Note: Sadly Private Fred Bass did not survive the war
|The Rushden Echo, 13th November 1914, transcribed by Jim Hollis.
Savagery of the Germans - What a Rushden Refugee Witnessed - Children Bayonetted
Terrible Tale of Suffering - By One of Our Belgian Guests
One of the Belgian refugees now safely housed at Rushden by our local Relief Committee (M. Devries) has written (in French) a touching account of the sorrows of the Belgians. The following is a translation:-
How many years seem to have passed since we used to talk of civilization! Surely the 20th century should have allowed us to think that the people of the different nations had means of reconciliation better than we find. But, alas, what a disillusion is ours; we find that men to whom all our kindly feelings have been given are really inhuman beings whose unnameable barbarities sow most harrowing distress in every place, who inflict without pity horrible atrocities on thousands upon thousands of harmless people.
My heart is broken when I think of the kindly households I used to know, who now, without shelter, find themselves separated, without news, tortured by anxiety, ignorant of each others’ fate.
What suffering must it be for husband and wife, father and mother, to see snatched away from them those who were so dear, with no hope of seeing them again! How is it possible that these sorely tried families can be gathered together again, and with what mourning?
I myself have seen in the country round Malines, where the cosy villages had been ravaged by fire and shell, German brutes who forked up on their bayonets children who fled in misery before them. They threw them on the homesteads they had turned to bonfires, they sacrificed the kneeling mothers in horrible tortures, they bound the fathers together to be carried to unknown countries, to what fate I know not.
I can affirm that the bloody faces of old men, and bodies covered with wounds, were not enough to satiate the rage of those human beasts without hearts; they finished them off with their stocks, and they did the same to numbers of brave and valiant soldiers left wounded on the battlefield.
And all this happened in a furious, deafening cannonade which lasted from nine in the morning till five.
It was after a battle that I and three men were passing with a hand ambulance over a dreary plain, devastated by the conflict. Our ambulance was filled with wounded, and we were about to finish our dreadful task by burying one of our brave soldiers who had been mortally wounded, when suddenly we heard a strange noise a few yards off. We saw three wounded men crawl from a heap of wreckage. They had hidden themselves till our friendly voices re-assured them.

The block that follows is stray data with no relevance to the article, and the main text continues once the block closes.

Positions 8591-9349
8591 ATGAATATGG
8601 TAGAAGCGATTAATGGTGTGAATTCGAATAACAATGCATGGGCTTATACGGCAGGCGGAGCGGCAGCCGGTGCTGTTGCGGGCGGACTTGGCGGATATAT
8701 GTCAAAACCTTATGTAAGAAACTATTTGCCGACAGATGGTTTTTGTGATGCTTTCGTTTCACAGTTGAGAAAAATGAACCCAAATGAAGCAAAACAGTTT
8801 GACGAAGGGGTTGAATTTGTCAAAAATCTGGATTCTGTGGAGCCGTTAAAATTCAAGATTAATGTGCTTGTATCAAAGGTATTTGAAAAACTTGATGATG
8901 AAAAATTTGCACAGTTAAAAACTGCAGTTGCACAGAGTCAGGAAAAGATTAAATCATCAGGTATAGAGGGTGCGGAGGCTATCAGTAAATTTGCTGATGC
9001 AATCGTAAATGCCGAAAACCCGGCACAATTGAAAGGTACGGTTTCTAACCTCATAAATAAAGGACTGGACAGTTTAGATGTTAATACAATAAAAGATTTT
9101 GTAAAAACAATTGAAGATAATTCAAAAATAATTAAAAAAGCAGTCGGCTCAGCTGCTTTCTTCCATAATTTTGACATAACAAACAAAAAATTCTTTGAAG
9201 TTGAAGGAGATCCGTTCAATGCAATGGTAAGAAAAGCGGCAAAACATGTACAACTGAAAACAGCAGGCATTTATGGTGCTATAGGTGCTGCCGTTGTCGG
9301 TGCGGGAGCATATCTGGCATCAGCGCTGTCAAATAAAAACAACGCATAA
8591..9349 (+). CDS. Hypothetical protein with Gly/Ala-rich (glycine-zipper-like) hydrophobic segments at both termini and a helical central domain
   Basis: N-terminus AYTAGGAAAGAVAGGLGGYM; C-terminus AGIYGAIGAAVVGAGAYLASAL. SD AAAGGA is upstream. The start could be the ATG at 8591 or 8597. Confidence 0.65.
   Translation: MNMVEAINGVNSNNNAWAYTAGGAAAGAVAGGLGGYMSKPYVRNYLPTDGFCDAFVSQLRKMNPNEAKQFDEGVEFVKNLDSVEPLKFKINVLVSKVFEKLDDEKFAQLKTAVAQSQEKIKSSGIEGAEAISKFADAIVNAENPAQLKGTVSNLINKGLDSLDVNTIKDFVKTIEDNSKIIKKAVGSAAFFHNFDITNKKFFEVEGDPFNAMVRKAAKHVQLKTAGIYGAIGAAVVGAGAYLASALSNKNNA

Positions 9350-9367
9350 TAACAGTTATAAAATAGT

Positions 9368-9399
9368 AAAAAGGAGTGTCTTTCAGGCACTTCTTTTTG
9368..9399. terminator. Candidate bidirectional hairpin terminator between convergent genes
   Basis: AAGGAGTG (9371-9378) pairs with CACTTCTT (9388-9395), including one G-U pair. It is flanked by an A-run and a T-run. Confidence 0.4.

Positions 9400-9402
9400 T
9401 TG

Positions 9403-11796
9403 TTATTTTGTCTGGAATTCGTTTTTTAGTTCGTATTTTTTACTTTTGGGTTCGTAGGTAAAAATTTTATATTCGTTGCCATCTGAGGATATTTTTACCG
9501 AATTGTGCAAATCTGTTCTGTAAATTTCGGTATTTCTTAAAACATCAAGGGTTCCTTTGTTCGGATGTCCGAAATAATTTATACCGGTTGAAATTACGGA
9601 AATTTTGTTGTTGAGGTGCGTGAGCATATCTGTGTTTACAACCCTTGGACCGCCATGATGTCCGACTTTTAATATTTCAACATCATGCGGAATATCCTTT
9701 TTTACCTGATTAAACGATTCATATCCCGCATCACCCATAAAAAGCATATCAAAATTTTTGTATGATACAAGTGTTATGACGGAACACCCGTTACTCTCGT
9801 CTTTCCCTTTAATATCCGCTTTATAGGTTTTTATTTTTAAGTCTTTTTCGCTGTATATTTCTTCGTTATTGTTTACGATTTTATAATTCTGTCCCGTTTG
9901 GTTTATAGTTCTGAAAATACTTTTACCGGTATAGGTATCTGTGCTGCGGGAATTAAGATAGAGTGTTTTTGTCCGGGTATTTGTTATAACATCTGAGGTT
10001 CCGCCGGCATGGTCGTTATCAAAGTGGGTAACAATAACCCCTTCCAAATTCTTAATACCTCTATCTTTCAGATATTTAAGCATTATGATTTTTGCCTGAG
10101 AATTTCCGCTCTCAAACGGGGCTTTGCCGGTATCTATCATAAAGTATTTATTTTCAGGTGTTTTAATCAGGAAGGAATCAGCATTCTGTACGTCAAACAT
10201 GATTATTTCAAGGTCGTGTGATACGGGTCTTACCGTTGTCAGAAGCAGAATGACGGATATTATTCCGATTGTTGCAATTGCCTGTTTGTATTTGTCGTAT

But at that very moment a squad of Uhlans appeared, and we could do nothing but save our ambulance and the six wounded men in it. We could not take the three, they had to return to their poor shelter, and what became of them?
My heart, dear readers, is full as I write of all these horrors, for it is among them that those who were separated from us are left.
If I could speak of the troubles of the mind, they would be as grievous, but it is impossible to tell the tale of the disaster, the ruin, and the overthrow in which we are plunged.
The Belgian country-side, formerly so flourishing, smiling, and full of life, is now nothing but a vast desert, given over to death, filled by the German hordes with rotting and stinking corpses. As for the bombarded towns, they are for us but immense catacombs full of tragic memories.
But there still remains for us this comfort, that the brave and tireless forces of the Belgians and Allies continue to defend the cause that is so dear, Independence and Liberty.
In trenches, in woods, and on the plains, they wait with smiling lips, full of heroism, braving shot and shell; on the defensive till the definite and victorious moment of advance shall give them all that they desire.
|The Rushden Echo, 13th November 1914, transcribed by Jim Hollis.
The Germans A Dirty Lot - What a Rushden Soldier Has Seen - Thousands of People Without Homes - A Kind Old Couple
Private H. Patenall (Rushden), No. 4580, A Squadron, 19th Hussars, who is with the British Expeditionary Force, writing home to his parents, Mr. and Mrs. W. Patenall, of Rushden, under date Oct. 28th, says : “Just a few more lines, letting you know I am quite all right and in the pink of condition. I hope all is well at home. I expect things are pretty quiet, and so they ought to be, for it is very noisy out here. I hope you have got some of my letters. I expect you will have quite a lot at once. You see, they get delayed, as there are so many to go through. I have plenty of cigarettes at present, but you can send a few thousand (!) if you like, as I can smoke them some time. The captain is very good to me. He has given me a lot of things. I have a nice jersey and scarf from him, and plenty of socks, and we get a lot of things sent out to us. I cannot stop to write more just now. It is so nice to get letters. That is one great comfort to us all.”